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Discovering that your child is on the autism spectrum can be devastating. As parents, besides feeling sadness and fear, we may feel a lot of anger and resentment towards the child. All of these feelings are natural. It takes a lot of additional time and energy to help our autistic child, and this can lead to anger and frustration on our part. We then may feel guilty for having that anger, thinking, “How can I feel this way?”
Identifying The Challenges
We might also start wondering what we did or could have done differently to change an outcome, causing more guilt. And, because of the extra time and energy that an autism spectrum child needs, often partners and other siblings receive less attention.
Probably one of the most challenging areas for a parent is finding a way to find time for partners, other children, and ourselves. It is not uncommon for the lack of time to create conflict with a partner, too.
And, if mom happens to be the primary care giver, she often gives up her work or career to stay home and prioritize the needs of her child. And this creates a whole host of other issues and feelings.
Emotional energy can also be at a low ebb. Navigating school systems and other social systems in order to get services that the child needs is physically and emotionally tiring. And then, patience can be really tested by our children.
We are trying to not only deal with our own feelings, but simultaneously with the behavior of our child. This is tough with any child, but with a child with special needs, it is even more complex.
In addition, if we are just now being faced with the prospect of autism, an intense period of grief can arise. The vision that we had of our child – including college, marriage, grandchildren – may or may not play out anymore.
Indeed, a parent may start to realize that we will need to help our child through later stages in life, when we had not planned on that. Our child is not the child that we had originally thought they would be, and that can lead to a disconnect. Much like mourning, we can suffer from feelings of loss.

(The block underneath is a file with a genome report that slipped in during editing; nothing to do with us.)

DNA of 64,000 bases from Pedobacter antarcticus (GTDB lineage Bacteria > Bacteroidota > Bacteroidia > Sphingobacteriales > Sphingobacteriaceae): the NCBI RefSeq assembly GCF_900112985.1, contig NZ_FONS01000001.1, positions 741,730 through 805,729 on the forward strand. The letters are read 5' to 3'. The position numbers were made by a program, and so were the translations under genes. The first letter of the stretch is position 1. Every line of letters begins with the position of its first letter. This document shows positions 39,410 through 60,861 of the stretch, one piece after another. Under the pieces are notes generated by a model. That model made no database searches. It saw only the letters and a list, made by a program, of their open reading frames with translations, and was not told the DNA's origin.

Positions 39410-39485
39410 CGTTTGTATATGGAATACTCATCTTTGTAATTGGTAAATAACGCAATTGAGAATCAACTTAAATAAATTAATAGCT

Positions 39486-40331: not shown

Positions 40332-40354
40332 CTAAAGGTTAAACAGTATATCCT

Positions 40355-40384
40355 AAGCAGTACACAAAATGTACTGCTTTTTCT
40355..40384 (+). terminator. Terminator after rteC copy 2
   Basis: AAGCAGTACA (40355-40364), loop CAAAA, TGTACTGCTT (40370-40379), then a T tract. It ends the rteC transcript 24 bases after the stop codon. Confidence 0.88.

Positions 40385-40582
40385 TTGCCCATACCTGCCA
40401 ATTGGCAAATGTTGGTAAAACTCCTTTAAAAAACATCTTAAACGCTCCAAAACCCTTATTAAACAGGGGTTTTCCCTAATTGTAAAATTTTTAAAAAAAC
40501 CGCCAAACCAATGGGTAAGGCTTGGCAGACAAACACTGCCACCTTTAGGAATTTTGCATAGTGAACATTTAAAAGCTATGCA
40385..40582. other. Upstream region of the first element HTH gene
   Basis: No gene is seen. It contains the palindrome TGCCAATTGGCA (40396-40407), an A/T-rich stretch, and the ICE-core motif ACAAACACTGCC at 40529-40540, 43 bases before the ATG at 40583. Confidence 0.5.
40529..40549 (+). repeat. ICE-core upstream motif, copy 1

All of these concerns can lead to depression and anxiety for parents of autistic children. What is important to know, though, is that all of these feelings are normal. And, with a little bit of help and work, they can be worked through. New ways of interacting joyously with your family can be found.
Tips For Coping Better With A Child Who Has Autism Or Aspergers
Take Care Of Your Own Emotional Needs First
If you have not properly grieved yet over what may seem like a loss, then take some time to do that. Really allow yourself to feel the emotion – whatever that may be (anger, sadness). Take time to sink into that feeling and express it, either out loud to yourself or on paper.
Capitalize On Your Child’s Uniqueness
Sarita Freedman, PhD and autism expert, tells us that we can discover what it is about your child that is unique and wonderful, and then try to incorporate these things when playing or choosing activities. Let your child who is there before you be your guide – not the child you might have wished for. (Sage advice for any parent!)
Make Sure To Find Time For A Date Night With Your Partner
Allow that time to be about the relationship, and not talking about the child or children. Try to talk about your connection with your partner, or do something that you both enjoy doing.
Have Date Night With Other Siblings
Allow for some special time with just that other child.
Learn your own “trigger” thoughts and feelings and recognize when you need a “parent time-out”, even if only for a moment. Find alternative thoughts when things like “I can’t handle this anymore” or “I don’t want to do this” come up – perhaps something more like “I am here, in the moment, making time for my child” or other phrases that help you.
Learning patience and consistency is probably one of the most important ways to be helpful for a child on autism spectrum.
Find A Support System
You will need family or really good friends to get a break. Try to aim for an hour to yourself every day for exercise or contemplation. Even if you have to pay to have help, it will be worth it for your own health and the health of your marriage!
Educate The Rest Of The Family
Make sure to include siblings and extended family members too, about what autism means and how they can best help.
Find A Trusted Therapist
It can be a huge key on the emotional journey of autistic children. Finding someone to talk to who will not judge or have other needs, other than to merely listen and guide, can be invaluable.
Whether anger, frustration, or sadness, a great psychotherapist will help to work through the intensity of the feelings and create a space for joy and happiness.
At Nassau Guidance, we have worked with many parents and families who have struggles with these concerns. We open our arms to everyone and have the insight and knowledge that will help you to find a little more serenity in your daily life.